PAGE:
One of the fantastic things about spirits is how international they are. Some of the same drinks that are served down at your local bar in America are being served across bars around the world. The Bar Convent Berlin (aka Berlin Bar Show) showcases the international aspect of spirits with a decidedly German spin.
At this year’s show the centerpiece spirit was tequila (probably not the first thing you think of when you think of drinking in Berlin). Tequila has become quite popular in Germany, with a wide number of brands finding an audience, including the extremely popular Sierra Milenarin Tequila. Mezcal is also making its mark in Germany with Los Danzantes Mezcal, Mezcal Macanegar, Mezcal Alipus, and Mezcal San Cosme all working to develop a following.
Perhaps the biggest spirit category represented at the show was Gin. Some of the stand-out gins at the show included: Sipsmith Gin, a small batch gin which is the love child of Jared Brown and Sam Galsworthy; Gin Mare, a Mediterranean gin distilled with olives, thyme, and rosemary; and, Blue Gin from Reisetbauer, a superb Austrian gin with limited release in the United States.
Alongside the gins were a number of exceptional tonics. Tonic in Europe is vastly superior to what’s offered in the US (which has a ridiculous limit on quinine levels in tonic). Schwepps in Europe (including their Indian Tonic) is a completely different product than what’s sold in the US, and it’s legions better. Schwepps had a limited edition ginger and cardamon tonic that they were sampling at the show that just sang with gin. German-based Thomas Henry also had some notable tonics like an Elderflower Tonic that is absolutely crave worthy (and unfortunately not available in the US).
The Berlin Bar Show also showcased some of Germany’s native brands. Of particular note was Jägermeister, who worked hard to shed its frat boy image with a sophisticated cocktail lab that included a wide range of custom made bitters and craft cocktails. Jagermeister showed off its mixable side with several classic inspired cocktails, including a variation on the Negroni and a flip that softened and transformed Jagermeister into something much more mixable. Jagermeister didn’t abandon its shot archetype and presented a number of “shot tails” including a shot that combined Jagermeister and Mozart chocolate liqueur.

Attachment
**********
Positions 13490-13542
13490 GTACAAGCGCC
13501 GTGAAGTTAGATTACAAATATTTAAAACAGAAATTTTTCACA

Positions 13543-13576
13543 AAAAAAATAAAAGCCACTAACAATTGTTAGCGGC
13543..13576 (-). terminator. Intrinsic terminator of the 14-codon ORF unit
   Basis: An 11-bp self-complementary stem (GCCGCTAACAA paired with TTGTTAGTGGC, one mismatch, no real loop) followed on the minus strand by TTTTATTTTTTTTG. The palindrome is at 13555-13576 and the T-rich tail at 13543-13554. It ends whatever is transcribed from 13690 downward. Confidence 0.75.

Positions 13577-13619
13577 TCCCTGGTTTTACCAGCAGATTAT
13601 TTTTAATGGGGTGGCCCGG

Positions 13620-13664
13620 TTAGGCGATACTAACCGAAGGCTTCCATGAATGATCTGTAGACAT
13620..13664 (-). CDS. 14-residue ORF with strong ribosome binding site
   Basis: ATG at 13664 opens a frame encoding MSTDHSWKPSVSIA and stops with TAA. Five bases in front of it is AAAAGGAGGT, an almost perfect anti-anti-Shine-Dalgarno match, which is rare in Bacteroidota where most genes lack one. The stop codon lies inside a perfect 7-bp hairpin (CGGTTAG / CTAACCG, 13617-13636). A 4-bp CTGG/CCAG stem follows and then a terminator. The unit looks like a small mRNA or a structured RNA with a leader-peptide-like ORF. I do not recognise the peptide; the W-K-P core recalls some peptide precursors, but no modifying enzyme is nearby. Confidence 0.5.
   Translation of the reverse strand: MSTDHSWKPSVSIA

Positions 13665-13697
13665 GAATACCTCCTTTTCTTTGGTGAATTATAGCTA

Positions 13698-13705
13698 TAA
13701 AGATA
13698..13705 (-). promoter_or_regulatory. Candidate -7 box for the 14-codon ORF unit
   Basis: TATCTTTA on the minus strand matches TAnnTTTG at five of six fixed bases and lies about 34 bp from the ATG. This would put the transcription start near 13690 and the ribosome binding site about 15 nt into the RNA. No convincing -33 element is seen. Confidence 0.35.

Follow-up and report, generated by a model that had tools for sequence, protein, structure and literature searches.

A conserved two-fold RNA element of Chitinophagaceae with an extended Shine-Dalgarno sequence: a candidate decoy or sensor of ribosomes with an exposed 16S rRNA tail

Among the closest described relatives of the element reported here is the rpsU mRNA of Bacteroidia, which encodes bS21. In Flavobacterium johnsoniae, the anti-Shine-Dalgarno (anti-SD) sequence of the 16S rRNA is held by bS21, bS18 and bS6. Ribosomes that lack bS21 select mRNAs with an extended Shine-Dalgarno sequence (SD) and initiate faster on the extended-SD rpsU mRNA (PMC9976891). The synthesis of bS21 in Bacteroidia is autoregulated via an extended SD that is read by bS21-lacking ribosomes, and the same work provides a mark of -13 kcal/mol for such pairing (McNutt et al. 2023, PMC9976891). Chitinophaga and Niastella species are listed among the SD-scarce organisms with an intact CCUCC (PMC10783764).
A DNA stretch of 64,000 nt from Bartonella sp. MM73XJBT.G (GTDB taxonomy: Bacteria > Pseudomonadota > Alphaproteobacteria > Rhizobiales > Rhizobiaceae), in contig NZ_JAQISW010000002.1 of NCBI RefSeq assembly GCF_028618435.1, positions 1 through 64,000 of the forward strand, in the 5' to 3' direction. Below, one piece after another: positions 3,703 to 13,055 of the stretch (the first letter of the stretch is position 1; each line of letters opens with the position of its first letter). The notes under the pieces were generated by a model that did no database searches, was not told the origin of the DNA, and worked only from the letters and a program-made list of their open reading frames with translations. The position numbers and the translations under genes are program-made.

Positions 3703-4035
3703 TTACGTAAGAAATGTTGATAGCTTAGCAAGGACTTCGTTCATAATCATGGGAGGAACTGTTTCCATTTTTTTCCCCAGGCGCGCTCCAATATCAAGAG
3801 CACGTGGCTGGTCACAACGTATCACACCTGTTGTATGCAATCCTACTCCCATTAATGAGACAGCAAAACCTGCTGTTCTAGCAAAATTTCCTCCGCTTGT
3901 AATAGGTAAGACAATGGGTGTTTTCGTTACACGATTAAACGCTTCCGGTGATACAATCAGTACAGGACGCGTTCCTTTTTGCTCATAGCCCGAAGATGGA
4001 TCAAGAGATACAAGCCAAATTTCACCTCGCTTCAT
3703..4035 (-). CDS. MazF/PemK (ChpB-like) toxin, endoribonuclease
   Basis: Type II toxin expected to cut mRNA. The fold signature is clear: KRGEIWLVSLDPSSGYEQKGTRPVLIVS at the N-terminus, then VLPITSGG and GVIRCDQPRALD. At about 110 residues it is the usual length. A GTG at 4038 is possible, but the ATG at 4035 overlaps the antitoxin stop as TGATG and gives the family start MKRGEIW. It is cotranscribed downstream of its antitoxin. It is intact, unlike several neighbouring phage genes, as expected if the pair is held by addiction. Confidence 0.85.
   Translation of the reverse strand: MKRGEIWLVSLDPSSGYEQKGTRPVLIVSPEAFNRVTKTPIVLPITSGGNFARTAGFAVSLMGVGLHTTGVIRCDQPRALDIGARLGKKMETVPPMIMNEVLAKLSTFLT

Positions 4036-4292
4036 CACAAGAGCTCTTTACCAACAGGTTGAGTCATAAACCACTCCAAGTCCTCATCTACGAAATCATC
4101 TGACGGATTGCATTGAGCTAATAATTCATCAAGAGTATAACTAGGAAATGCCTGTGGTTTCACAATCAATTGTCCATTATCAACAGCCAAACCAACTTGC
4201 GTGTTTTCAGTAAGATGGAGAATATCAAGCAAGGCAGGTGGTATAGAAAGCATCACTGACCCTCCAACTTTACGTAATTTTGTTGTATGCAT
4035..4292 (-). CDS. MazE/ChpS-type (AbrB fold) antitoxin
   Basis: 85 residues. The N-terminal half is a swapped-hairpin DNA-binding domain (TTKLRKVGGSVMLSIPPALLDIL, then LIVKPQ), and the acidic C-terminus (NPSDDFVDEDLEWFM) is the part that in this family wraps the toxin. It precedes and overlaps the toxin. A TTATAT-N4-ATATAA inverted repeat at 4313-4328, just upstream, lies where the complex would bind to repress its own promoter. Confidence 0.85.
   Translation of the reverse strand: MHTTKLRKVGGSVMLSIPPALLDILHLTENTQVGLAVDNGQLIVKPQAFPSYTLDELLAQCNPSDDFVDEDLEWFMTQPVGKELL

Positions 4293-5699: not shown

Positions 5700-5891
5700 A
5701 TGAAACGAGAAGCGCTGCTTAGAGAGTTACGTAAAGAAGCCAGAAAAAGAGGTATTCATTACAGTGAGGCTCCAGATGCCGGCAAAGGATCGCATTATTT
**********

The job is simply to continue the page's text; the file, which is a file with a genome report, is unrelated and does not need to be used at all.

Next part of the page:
The Bitter Truth, another German company, showed off its complete line of bitters and cordials including their new peach bitters. Bright and flavorful, Bitter Truth Peach Bitters is an excellent addition to their extensive bitters line. The company also sampled its newly reformulated chocolate bitters, which are a vast improvement over the original formula, intensely flavored and bitter.
Many of the major brands had a presence at the show, including Diageo who was showing off Johnnie Walker and its mixability in cocktails in their World Class cocktail lounge. Germany has a few different releases of Johnnie Walker that aren’t in the States yet, including Johnnie Walker Gold Label and Platinum Label, an 18 year blended malt whisky.
Bacardi had two distinctly different approaches to the show. Upstairs on the show floor they had a carnival-esque drinking station where imbibers had to try to catch cubes of ice in a glass and make drinks by turning knobs and pulling levers.
Downstairs they had a small speakeasy, nestled away from the show crowd, and featuring drinks made by notable bartenders including some of the staff from the Savoy cocktail lounge in London as well as winners from their Bacardi Legacy Cocktail Competition.
Jim Beam played up its American identity with a mini-bar on the show floor including a foosball table, and a bar complete with a Red Stag chill shot machine. In the US, Jim Beam released their honey and bourbon offering under the Red Stag label as “Honey Tea.” As with the other Red Stag products the flavors are artificial and sub par. In Europe the honey offering is Jim Beam Honey which is a vast improvement over the Red Stag product, using only honey as a flavoring. It would be nice to see Jim Beam bring this honey product to the US where it would do much better thanRed Stag Honey Tea.